By Maisie Hopkins

Niloufar Bayani is an Iranian researcher and conservationist who was arrested in January 2018 whilst conducting field research work in Iran as part of her role with the Persian Wildlife Heritage Foundation (PWHF). In October 2018, Ms Bayani and three of her colleagues were indicted with the charge of ‘sowing corruption on earth’, which carries the death penalty. After almost two years of legal limbo, in November 2019, Niloufar was convicted and sentenced to ten years in prison on charges of ‘contacts with the U.S. enemy state’. Multiple human rights organisations continue to dispute the validity of these charges as the circumstances surrounding her case remain shrouded in uncertainty and confusion.

Niloufar Bayani’s case demands international attention, support and cooperation. Multiple international human rights organisations have been dedicated in their mission to free Niloufar, but there is a long way to go. This post will give a background to why Niloufar was imprisoned, and the injustices and legality – or lack thereof, surrounding her case. The following post will be written by Benjamin Mitchell on the legality surrounding her case, the current campaigns to free Niloufar, and what needs to be done.

Niloufar was educated in micro biology at McGill university in Canada before going on to a postgraduate degree at Columbia University in America. Following this, Niloufar worked as a consultant for the United Nations environmental program, working on many different projects. For example, in Haiti, and various African countries Niloufar worked on animal conservation and environmental protection.

Niloufar is actually Iranian, and wanted to go back home to see her family and her home country. She got a job with the Persian wildlife fund as a project manager, working on the Asiatic cheetah, one of the most endangered animals in the world. In 2015 The Guardian reported that there were only 50 left in the wild, most of which are in Iran. Iran had already lost the Asiatic lion and special tiger species, portraying how considerable an issue the protection of the cheetah was. Thus, Niloufar went out to Iran and worked on the protection of these cheetahs. This is commonly achieved by setting camera traps, which is why she was arrested. By this point, Niloufar had been in the country for less than a year.

In terms of conservation the cheetah faced a lot of issues from human interaction. Farmers would often kill them because they would occasionally kill members of their flock and a lot of them were just run over. The magnitude of the issue highlights the significance of Niloufar’s case.

The Communications Director of the Human Rights Centre in Iran has commented that what Iran has done by arresting Niloufar, and the rest of her colleagues, is declare that conservation is a crime. This is very dangerous, particularly in terms of climate change, and is not a positive road to be embarking on.

Niloufar was arrested on the 25th of January 2018 and did not face trial for another 8 months. She was charged with espionage and sowing corruption on the earth. During this time she spent the predominance of it in solitary confinement. One of her colleagues, who was an American-Iranian, was killed under suspicious circumstances during his detention, highlighting the severity of the issue and the danger that Niloufar is still in. Niloufar, at this time, was also facing the death sentence. She eventually had her trial in October, but the entirety of the trial was based on her false confession. Recent articles have come to light of her complaint stating that the confession was extracted under torture, sexual abuse, and the threat of them torturing her elderly parents. All of this makes it incredibly easy to understand the reason behind her confession. Whilst the whole case was built upon this false confession, Niloufar did try and change this fate for herself during her trial. Niloufar interrupted the proceedings and explained what had happened to the judge. Niloufar then proceeded to be absent for 3 out of 5 days of her trial, a grave violation of her right to a fair trial, which is also under the International Covenant on civil and political rights which Iran is a signatory of. Due to their ratification of this, they are in violation of a binding international human right.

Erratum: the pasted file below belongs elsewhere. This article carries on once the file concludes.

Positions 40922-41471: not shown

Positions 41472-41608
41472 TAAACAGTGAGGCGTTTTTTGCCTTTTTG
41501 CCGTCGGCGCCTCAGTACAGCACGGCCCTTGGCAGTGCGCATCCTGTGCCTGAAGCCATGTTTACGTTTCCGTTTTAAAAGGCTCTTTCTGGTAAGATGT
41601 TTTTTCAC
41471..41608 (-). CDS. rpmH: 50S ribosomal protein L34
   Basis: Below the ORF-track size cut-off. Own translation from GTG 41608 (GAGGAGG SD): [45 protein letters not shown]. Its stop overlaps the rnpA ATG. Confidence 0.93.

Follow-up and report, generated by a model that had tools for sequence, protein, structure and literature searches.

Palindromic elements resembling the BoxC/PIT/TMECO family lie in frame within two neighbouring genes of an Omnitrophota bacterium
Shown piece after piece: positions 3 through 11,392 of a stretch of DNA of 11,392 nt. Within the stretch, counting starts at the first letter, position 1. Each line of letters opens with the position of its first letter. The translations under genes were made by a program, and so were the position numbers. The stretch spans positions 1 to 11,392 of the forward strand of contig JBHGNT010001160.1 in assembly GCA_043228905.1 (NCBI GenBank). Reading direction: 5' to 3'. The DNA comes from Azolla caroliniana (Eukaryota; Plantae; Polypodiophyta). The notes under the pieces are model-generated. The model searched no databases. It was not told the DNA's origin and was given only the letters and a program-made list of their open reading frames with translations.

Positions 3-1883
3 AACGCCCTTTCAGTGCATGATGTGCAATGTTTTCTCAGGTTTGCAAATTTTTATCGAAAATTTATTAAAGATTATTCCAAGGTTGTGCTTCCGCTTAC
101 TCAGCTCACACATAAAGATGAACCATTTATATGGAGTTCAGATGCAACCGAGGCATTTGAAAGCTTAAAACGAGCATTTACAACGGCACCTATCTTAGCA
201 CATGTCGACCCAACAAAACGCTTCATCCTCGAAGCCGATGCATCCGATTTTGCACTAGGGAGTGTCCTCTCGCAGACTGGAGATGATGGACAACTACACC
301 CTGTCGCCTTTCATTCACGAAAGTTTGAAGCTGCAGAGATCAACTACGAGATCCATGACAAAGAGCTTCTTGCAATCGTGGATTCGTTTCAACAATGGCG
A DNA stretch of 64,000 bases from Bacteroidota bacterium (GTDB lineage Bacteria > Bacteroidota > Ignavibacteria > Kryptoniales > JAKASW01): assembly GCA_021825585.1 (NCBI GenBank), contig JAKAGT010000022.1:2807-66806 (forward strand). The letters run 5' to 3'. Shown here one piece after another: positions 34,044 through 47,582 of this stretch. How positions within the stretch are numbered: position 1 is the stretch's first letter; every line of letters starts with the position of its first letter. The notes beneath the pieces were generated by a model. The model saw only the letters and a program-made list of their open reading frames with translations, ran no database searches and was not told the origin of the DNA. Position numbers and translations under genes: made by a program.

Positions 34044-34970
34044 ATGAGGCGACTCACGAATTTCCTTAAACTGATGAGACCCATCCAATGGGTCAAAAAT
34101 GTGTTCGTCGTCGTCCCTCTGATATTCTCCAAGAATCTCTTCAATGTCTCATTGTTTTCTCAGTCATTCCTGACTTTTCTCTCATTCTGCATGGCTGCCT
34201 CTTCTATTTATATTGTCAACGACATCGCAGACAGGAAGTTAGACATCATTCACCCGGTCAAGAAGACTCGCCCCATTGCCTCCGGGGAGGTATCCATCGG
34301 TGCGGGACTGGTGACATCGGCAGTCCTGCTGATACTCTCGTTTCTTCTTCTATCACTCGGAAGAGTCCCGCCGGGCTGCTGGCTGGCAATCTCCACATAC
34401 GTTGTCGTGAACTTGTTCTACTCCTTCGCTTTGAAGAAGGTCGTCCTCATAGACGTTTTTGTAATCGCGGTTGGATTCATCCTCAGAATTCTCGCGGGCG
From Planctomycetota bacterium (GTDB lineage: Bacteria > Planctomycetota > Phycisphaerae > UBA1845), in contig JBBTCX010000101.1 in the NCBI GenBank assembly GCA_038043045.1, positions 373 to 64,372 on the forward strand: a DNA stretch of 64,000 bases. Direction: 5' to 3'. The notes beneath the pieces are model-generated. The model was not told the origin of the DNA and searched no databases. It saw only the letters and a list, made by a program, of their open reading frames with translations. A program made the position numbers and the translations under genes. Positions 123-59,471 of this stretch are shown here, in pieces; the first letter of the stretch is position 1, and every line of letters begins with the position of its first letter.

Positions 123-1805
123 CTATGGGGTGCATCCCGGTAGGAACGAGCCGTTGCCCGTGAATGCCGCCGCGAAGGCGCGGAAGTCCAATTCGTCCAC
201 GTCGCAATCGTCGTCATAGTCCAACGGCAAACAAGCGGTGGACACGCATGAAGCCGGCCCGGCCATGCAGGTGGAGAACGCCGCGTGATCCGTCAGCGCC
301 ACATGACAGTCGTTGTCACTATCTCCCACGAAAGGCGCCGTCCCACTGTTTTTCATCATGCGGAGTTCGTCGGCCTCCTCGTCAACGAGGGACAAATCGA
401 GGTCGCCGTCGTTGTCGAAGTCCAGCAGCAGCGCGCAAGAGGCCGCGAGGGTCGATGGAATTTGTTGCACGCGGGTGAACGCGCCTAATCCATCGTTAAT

Niloufar was sentenced to 10 years. Considering her earlier sentence, this was good but on the whole, Niloufar is innocent so 10 years is still wholly unjust and unfair. Despite Niloufar appealing the decision, on the 20th February this year it came out that her appeal had been dismissed, meaning that she has to spend the 10 years in prison.

The claims of espionage against Niloufar are incredibly circumstantial, there is no actual evidence of them. The Iranian National Security Agency have even come out and admitted that she was not spying, but that the conviction still stands and there is nothing more she can do. The unjustness of the situation has been highlighted by government agencies, the intelligence agency and multiple international agencies have stated that there is no evidence to support the claim. Despite this, the claim still stands. Even more egregious, the whole way through the only lawyers that Niloufar was allowed contact with were from a preselected list from the Iranian Revolutionary Guards. There were no women or human rights lawyers on the list. In essence, she wasn’t given any chance at all.

Image: Daniel Hoops